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Why Wells Is a ‘Sell’

Pedestrians pass an ATM outside Wells Fargo & Co.'s San FranPedestrians pass an ATM outside Wells Fargo & Co.'s San Fran
Pedestrians pass an ATM outside Wells Fargo & Co.'s San Francisco headquarters on Friday, December 24, 2004. Companies in the finance industry such as GE Capital and Wells Fargo & Co. accounted for about 52 percent of fixed-rate investment-grade bond sales in 2004, according to Merrill Lynch.Photograph by Getty Images

More often than not, when banks initiate coverage on a company, it’s a call to buy. That’s because “buy” ratings motivates investors to buy shares of the company and continue coming back for more bank analysis. A sell rating on the other hand results in just one trade.

So when Swiss investment banking giant UBS (UBS) initiated coverage on fellow financial firm Wells Fargo (WFC) Thursday morning, their call to sell the stock was unexpected.

A team of UBS analysts led by Brennan Hawken released the report tagging Wells Fargo with a price target of $45, saying, in short, that investors have overestimated Wells Fargo’s business model due to the company’s reputation for being a capable underwriter and risk manager. In fact, according to UBS, Wells Fargo seems to be consistent with, rather than beating, the performance of its fellow banks in several arenas. In short, when the Wells Fargo wagons comes down your street, UBS is saying investors should run the other way.

Shares slid 2.2% in trading Thursday to $48.66.

Here’s what investors aren’t pricing into the stock, according to UBS: Wells Fargo has a loan portfolio that’s potentially risky. At the same time, it lacks the type of fee growth that could make up for lending losses, or just reduced lending profits coming from low interest rates. The result: That could lead to Wells Fargo to miss high price expectations in the future.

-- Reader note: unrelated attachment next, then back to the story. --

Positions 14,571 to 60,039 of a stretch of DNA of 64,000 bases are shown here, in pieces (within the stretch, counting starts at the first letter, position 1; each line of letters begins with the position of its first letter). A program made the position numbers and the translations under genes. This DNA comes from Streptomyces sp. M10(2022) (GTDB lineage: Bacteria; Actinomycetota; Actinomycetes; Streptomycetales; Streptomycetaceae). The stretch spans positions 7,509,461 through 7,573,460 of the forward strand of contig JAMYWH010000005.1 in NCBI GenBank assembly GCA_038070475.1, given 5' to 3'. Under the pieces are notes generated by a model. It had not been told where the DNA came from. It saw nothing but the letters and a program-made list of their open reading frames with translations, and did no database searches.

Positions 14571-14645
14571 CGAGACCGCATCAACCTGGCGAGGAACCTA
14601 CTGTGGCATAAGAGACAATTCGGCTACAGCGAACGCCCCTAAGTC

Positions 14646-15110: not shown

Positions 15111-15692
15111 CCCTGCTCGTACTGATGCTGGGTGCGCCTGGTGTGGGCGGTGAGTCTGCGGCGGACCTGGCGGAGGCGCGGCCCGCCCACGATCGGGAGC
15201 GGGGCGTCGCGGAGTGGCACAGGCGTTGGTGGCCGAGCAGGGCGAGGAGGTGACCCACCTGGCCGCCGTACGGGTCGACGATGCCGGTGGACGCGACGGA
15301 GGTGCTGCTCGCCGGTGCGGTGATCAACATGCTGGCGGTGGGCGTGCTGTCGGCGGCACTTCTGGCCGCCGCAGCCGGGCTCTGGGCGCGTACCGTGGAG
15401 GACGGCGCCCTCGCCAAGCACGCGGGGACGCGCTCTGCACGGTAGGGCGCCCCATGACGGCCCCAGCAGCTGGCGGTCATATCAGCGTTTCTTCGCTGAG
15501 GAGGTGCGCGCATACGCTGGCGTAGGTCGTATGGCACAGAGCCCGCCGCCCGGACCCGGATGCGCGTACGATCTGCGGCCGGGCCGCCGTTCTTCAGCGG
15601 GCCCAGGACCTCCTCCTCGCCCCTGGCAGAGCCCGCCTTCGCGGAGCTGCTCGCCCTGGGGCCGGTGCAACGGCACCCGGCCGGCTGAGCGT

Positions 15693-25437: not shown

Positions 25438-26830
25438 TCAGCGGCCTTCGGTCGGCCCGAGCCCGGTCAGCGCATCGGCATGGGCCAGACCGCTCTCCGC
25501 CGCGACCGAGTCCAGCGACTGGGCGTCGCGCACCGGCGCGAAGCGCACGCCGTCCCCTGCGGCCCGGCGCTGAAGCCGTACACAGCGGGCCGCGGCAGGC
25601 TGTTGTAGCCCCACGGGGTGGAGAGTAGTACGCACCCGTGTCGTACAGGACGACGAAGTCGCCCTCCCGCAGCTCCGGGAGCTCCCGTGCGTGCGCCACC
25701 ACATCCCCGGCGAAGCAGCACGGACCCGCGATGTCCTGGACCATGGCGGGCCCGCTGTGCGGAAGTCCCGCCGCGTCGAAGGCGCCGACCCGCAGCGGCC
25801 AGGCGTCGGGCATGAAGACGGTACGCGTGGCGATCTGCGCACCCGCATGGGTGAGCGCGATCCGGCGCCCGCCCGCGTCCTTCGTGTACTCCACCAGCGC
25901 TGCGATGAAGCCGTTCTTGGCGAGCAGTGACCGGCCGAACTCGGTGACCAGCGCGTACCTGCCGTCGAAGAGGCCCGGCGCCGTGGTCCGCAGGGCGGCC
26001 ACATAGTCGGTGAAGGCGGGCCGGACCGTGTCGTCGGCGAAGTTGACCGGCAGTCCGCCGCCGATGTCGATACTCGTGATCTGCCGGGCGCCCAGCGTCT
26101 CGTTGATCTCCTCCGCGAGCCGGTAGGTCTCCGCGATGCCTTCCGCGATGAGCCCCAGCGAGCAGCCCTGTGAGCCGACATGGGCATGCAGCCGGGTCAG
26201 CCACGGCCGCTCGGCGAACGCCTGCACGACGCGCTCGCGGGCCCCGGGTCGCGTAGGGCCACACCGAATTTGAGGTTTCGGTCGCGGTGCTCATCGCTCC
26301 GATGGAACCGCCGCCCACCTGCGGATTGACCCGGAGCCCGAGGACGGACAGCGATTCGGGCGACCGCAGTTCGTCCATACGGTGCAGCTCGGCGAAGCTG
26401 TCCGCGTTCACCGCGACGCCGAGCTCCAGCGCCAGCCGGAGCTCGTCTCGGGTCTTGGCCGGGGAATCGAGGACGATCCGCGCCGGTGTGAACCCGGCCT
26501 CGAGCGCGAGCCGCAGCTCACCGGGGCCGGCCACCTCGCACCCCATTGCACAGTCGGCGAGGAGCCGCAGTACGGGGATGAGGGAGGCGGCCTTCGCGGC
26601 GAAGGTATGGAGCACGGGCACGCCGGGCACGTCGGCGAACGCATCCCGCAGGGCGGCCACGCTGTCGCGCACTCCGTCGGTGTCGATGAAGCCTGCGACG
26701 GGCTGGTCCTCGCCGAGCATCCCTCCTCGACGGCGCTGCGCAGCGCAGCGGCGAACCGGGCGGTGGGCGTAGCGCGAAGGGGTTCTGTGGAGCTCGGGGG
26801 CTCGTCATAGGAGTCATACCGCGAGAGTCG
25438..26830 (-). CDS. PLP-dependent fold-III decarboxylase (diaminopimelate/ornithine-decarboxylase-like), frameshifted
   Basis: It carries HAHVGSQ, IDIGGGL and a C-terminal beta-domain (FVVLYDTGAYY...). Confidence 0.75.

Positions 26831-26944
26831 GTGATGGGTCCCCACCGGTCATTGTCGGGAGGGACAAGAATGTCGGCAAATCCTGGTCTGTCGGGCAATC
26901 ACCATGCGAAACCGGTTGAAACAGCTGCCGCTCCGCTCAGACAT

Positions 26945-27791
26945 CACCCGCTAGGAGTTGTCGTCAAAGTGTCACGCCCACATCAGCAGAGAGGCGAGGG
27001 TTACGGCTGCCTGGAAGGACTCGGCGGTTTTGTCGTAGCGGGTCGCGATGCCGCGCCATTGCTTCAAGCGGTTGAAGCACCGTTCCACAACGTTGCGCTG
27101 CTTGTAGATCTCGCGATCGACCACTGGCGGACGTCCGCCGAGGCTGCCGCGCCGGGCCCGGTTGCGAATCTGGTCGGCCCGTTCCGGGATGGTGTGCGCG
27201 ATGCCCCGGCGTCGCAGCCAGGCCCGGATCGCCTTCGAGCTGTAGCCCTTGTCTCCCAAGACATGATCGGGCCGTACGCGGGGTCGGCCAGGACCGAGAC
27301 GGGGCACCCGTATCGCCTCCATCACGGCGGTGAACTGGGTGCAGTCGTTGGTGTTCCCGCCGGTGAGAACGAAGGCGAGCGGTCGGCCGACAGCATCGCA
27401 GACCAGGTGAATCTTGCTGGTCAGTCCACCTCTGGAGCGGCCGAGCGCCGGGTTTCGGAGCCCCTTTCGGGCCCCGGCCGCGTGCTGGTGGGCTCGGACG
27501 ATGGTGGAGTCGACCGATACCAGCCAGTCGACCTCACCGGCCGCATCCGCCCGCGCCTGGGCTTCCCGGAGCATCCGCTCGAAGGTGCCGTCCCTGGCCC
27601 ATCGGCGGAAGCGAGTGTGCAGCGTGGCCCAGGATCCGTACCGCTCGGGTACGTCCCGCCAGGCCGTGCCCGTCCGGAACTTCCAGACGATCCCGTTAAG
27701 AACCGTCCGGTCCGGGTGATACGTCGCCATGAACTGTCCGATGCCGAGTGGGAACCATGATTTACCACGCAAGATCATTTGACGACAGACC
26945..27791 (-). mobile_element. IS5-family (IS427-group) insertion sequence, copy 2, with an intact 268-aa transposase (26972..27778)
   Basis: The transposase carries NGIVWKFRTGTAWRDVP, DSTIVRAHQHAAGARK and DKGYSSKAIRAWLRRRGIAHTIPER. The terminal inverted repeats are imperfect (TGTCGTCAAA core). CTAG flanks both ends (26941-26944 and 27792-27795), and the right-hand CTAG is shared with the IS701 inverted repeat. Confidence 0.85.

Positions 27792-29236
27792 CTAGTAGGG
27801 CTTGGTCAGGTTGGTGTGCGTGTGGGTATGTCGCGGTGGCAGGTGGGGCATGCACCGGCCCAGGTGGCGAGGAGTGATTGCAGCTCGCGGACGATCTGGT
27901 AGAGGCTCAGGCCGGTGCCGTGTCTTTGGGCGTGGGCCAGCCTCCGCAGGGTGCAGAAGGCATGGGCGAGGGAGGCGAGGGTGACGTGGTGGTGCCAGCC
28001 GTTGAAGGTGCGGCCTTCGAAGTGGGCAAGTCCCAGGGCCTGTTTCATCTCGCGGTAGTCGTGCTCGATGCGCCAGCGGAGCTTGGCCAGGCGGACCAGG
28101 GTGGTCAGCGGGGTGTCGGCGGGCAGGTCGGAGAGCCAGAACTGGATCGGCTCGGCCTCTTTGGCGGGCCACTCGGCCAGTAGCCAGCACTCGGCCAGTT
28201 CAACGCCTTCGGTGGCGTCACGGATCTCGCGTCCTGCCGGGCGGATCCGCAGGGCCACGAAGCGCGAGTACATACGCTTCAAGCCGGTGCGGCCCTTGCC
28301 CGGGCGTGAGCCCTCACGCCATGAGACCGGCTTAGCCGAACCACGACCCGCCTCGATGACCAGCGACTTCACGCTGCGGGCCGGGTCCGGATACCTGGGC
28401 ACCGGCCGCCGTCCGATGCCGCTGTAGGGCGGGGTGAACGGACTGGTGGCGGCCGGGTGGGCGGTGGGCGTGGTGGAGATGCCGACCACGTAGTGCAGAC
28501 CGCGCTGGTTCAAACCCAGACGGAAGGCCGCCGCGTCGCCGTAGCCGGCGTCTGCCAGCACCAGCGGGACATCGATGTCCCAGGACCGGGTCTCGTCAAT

“We see risks to WFC’s revenue growth and credit performance, which coupled with a valuation on the high end of peers and consensus estimates that have not come down much, puts WFC shares at risk of underperformance in our view,” UBS analysts wrote.

UBS noted that Wells Fargo is heavy on high-yield, high-risk bonds, even to those exposed to the energy sector—a problem that has already dried up stock prices for many other Wall Street banks in the first quarter of 2016. Wells Fargo is also the second behind J.P. Morgan in underwriting high-yield or leveraged loans, with 825 deals since 2011, according to data from Dealogic reported by UBS.

 

Moreover, Wells Fargo’s large auto lending portfolio also seems to be in a riskier position than it reports. The Wall Street bank reported that just 10% of its auto portfolio is subprime, though when looking at FICO scores, over 25% of customers have a FICO score below 640—the rough cutoff for what the industry considers subprime, according to UBS.

Fee revenue on the other hand represents a whopping one-third of the bank’s total revenue, but according to UBS, that’s unlikely to grow, as the wealth management business “is facing challenging market conditions.” UBS forecasted a 2.4% decline in fee revenues for Wells Fargo in 2016.

Shares of Wells Fargo have slid 11% since the start of the year, and 17% down from its all time high of $58.77 in July. That performance is worse than the performance of stocks of other banks, which have risen fallen nearly 9% in the past year.